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Images highlighting USDA-ARS Cropping Systems Research Lab Field Day

USDA-ARS Research Geneticist Dr. Chad Hayes, center, visits with guests at the Cropping Systems Research Laboratory's first field day.
Research lab hosts first field day, welcomes the public to tour, visit farm anytime.

August 7, 2018, the USDA-ARS Cropping Systems Research Laboratory (CSRL) at Lubbock, Texas, hosted its first field day, welcoming producers, scientists and the general public to walk among its research fields while hearing from many of its scientists about various research projects in cotton, sorghum and peanuts. 

No matter the commodity though, increased water efficiency and profitable production with limited water or irrigation, seemed to be a common theme as scientists discussed their projects.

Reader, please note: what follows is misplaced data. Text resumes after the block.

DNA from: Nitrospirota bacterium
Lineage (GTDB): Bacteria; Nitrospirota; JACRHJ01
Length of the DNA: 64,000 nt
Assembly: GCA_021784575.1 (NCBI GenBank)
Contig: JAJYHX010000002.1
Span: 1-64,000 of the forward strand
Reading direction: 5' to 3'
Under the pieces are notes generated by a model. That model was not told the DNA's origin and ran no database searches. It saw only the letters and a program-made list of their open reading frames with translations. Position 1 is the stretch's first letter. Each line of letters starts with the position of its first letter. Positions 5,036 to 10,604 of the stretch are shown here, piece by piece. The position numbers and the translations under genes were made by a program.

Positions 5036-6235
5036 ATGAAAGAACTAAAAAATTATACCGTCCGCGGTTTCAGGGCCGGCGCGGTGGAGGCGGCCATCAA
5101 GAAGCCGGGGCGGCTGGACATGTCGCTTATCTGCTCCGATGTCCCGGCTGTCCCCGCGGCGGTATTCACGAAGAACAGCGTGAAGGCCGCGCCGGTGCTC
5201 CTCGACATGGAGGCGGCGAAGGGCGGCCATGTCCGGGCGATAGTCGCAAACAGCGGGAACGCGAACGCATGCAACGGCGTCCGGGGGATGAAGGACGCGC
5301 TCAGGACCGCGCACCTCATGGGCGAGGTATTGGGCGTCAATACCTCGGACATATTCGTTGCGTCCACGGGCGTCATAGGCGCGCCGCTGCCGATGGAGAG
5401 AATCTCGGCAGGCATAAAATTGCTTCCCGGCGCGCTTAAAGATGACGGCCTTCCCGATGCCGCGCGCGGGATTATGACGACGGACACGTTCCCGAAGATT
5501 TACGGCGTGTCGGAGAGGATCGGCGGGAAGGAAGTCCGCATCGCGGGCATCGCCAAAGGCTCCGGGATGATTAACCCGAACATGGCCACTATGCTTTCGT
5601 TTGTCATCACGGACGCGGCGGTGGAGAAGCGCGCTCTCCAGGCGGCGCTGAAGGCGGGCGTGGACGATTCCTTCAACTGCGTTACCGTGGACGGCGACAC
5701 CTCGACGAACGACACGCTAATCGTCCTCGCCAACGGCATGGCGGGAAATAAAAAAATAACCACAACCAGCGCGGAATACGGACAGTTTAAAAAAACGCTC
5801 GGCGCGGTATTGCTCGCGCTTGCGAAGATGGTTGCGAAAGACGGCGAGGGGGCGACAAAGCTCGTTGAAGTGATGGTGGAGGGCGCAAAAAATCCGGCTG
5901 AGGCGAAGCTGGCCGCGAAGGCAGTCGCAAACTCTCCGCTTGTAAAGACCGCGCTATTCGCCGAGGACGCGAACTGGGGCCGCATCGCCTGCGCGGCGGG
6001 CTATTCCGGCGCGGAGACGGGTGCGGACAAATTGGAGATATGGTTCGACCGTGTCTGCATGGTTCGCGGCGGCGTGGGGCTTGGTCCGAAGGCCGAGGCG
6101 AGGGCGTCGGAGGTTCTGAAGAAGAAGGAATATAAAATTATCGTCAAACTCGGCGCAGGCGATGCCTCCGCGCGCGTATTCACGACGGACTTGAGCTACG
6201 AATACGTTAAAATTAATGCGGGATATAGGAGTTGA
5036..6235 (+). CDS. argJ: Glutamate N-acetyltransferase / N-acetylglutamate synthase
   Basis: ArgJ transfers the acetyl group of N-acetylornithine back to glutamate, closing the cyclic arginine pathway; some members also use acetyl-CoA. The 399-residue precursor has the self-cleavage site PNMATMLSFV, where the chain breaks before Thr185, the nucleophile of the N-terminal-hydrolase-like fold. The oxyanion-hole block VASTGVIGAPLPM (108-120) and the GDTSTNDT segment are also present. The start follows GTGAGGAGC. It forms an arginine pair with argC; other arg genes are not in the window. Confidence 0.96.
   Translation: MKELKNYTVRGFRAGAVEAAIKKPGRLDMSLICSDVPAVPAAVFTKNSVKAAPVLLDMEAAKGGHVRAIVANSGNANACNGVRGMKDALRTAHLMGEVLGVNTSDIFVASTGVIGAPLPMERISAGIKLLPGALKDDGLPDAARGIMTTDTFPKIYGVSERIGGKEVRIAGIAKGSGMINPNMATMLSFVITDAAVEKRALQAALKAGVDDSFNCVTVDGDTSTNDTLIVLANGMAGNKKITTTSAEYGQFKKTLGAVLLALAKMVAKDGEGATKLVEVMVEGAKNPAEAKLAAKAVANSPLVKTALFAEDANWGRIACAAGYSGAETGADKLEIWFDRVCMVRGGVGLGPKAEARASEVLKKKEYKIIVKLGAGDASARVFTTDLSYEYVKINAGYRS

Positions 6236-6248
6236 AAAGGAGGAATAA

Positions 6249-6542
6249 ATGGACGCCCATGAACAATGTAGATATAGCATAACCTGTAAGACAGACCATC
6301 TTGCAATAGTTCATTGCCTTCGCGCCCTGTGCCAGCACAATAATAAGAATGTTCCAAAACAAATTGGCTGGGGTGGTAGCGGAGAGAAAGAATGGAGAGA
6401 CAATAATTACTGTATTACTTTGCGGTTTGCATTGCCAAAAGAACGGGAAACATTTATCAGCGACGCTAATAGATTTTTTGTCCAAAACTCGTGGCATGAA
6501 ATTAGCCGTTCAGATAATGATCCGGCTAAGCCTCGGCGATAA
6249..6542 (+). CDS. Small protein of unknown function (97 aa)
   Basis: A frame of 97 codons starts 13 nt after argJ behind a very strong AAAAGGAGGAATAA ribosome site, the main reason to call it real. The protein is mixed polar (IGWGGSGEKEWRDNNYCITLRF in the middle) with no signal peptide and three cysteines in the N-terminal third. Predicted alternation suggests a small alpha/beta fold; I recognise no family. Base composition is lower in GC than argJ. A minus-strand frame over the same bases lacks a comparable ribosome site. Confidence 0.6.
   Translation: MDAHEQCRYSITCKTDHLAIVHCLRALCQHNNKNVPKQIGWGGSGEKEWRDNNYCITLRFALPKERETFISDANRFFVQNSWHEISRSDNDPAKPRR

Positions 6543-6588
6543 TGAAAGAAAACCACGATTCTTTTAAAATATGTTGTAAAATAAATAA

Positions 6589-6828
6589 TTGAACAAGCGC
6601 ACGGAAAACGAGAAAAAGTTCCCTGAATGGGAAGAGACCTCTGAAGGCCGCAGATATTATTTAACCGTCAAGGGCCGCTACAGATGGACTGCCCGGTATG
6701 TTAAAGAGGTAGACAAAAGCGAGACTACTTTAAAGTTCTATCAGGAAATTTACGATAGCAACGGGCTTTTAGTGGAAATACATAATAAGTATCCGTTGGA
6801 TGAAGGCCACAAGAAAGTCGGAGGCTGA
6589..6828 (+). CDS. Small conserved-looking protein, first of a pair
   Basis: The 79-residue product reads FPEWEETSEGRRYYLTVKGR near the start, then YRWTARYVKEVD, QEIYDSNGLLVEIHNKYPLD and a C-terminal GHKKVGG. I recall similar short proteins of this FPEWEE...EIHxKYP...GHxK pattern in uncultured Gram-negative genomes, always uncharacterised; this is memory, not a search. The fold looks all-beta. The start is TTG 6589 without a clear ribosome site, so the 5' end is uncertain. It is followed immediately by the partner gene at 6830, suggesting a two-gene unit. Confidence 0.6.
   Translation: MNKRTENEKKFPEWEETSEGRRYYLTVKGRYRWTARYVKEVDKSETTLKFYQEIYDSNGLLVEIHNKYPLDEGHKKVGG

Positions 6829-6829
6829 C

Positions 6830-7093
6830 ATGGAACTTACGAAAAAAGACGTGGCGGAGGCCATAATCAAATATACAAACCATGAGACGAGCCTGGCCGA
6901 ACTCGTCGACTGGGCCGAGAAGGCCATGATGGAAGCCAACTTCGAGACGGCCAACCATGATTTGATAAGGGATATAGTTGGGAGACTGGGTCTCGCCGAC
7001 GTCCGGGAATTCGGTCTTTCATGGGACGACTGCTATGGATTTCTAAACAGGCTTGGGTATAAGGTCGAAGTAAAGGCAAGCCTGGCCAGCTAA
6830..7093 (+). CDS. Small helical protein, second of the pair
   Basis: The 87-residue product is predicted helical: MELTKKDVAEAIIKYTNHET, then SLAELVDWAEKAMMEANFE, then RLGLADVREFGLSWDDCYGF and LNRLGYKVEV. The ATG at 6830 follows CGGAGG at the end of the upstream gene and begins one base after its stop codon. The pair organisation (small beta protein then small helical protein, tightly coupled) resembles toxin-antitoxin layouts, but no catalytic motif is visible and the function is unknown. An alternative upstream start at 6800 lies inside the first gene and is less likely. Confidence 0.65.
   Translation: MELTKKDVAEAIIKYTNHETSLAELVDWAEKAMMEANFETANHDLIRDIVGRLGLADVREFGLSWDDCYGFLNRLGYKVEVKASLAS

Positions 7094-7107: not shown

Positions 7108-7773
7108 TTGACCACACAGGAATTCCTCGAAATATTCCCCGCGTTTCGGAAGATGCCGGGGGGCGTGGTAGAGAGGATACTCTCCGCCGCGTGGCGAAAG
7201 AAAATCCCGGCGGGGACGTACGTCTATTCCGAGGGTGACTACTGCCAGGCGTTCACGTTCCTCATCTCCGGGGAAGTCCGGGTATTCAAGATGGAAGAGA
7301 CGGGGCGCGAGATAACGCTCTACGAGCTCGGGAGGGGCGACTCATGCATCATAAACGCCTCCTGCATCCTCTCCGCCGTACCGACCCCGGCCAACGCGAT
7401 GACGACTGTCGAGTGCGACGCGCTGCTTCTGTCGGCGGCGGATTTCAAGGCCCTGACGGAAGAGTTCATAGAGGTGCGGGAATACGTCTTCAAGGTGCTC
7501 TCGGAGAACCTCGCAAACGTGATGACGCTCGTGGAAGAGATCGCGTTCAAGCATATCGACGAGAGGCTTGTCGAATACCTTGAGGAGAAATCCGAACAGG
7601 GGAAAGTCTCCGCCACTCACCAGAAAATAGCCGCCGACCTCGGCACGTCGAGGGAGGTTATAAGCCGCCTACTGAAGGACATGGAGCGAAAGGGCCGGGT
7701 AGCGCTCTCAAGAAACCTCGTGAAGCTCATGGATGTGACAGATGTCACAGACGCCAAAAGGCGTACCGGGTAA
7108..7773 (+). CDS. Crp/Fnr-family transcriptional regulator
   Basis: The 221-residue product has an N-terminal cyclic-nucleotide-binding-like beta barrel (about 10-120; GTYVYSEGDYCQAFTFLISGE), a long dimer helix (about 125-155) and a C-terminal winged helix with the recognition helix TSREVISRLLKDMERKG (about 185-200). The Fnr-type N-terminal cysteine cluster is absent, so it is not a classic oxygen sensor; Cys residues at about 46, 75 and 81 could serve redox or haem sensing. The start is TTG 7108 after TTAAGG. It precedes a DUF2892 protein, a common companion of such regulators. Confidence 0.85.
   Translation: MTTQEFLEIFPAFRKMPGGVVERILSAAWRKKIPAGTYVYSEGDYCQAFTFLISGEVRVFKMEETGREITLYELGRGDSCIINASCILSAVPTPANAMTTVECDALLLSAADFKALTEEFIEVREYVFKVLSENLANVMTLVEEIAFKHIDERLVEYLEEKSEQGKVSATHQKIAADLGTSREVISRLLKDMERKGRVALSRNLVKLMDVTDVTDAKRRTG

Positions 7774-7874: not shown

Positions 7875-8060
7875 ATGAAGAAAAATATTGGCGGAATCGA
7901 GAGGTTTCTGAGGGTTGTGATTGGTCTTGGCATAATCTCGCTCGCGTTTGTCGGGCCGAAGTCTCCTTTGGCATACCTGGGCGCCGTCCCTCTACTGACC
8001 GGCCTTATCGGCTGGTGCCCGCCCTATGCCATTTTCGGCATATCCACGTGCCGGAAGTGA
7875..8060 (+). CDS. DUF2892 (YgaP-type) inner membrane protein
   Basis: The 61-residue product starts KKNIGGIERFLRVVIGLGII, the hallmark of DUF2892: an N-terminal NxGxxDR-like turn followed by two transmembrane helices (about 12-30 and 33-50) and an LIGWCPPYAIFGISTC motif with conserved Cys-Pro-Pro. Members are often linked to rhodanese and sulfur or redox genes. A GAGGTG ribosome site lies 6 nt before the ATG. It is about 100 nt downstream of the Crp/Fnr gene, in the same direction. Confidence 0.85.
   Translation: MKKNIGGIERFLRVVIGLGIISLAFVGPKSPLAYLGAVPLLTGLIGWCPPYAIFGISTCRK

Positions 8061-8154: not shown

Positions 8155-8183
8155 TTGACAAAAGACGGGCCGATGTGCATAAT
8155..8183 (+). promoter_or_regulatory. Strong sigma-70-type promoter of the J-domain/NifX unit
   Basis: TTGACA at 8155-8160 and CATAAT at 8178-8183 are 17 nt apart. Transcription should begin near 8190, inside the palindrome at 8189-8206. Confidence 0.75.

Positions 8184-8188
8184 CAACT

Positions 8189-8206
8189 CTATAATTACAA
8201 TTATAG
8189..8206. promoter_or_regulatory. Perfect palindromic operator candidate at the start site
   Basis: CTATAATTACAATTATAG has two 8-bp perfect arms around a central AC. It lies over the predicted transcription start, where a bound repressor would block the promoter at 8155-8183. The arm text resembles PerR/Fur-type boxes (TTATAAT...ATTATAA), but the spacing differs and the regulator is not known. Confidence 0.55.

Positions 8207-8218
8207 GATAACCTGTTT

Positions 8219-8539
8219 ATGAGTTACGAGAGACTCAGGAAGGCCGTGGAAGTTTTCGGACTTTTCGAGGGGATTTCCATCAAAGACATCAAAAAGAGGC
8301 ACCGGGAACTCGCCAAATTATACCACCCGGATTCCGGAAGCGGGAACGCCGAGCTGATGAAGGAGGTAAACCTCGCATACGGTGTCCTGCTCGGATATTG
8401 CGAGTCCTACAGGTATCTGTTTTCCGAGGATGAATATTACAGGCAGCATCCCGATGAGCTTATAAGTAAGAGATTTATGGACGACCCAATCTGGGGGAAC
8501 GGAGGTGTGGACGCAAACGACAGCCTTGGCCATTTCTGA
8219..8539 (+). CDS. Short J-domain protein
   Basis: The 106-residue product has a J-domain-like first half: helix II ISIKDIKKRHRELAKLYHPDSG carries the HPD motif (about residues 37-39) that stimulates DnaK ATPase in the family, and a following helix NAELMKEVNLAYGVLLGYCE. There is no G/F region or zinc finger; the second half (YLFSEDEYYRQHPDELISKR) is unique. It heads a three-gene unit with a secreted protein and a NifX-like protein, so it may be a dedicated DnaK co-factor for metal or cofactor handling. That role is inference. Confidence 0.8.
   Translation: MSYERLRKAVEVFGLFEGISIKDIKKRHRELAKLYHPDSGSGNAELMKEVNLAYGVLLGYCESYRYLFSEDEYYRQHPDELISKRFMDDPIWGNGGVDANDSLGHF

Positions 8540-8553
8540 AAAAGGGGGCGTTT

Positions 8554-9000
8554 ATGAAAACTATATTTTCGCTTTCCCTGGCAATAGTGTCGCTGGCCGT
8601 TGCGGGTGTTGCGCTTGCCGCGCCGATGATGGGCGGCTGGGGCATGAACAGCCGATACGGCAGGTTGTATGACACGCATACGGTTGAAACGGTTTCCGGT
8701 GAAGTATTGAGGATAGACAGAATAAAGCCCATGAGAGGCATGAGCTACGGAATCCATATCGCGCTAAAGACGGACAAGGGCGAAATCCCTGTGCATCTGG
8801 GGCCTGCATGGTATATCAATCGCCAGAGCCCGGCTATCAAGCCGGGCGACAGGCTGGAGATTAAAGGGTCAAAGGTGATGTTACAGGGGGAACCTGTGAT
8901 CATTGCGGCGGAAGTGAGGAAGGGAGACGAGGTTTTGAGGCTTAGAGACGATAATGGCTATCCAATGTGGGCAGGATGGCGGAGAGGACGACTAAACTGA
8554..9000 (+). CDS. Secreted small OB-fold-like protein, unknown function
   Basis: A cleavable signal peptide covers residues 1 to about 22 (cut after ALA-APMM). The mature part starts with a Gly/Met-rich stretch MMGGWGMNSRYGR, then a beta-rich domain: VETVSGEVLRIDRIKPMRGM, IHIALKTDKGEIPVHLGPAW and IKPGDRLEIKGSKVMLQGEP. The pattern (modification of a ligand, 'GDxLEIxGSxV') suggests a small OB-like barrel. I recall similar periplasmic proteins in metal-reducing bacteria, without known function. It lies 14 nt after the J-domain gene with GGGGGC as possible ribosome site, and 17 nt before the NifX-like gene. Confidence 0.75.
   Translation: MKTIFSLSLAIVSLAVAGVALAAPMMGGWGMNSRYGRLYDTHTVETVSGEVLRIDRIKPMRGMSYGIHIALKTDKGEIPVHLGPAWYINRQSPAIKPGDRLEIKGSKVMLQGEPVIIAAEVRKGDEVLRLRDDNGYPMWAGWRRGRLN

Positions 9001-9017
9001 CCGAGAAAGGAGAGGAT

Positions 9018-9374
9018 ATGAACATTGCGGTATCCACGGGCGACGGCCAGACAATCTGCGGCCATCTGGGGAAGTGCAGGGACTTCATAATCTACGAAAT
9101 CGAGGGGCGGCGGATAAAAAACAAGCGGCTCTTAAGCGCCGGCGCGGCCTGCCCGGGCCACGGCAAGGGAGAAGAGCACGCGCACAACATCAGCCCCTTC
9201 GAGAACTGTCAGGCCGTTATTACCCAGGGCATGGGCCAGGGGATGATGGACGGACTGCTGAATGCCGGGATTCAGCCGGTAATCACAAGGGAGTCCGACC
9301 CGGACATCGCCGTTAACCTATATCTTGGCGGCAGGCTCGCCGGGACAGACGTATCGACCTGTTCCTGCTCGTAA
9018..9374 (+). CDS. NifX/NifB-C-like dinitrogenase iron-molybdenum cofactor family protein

See, Drought, declining water table fuels research projects at Lubbock USDA-ARS lab

For example, Whole Plant Physiologist Dr. Dennis Gitz discussed a cotton experiment in which a tomato gene is inserted into a cotton plant to test its effect on yield and water use efficiency. Thus far, the study has shown that cotton plants with this tomato gene continued to grow and produce fiber under drought conditions where normal plants had stopped growing, according to Gitz. "Over the course of a preliminary small scale pilot study, cotton yield was increased by 50 percent."

To learn more about the Lubbock CSRL, click here


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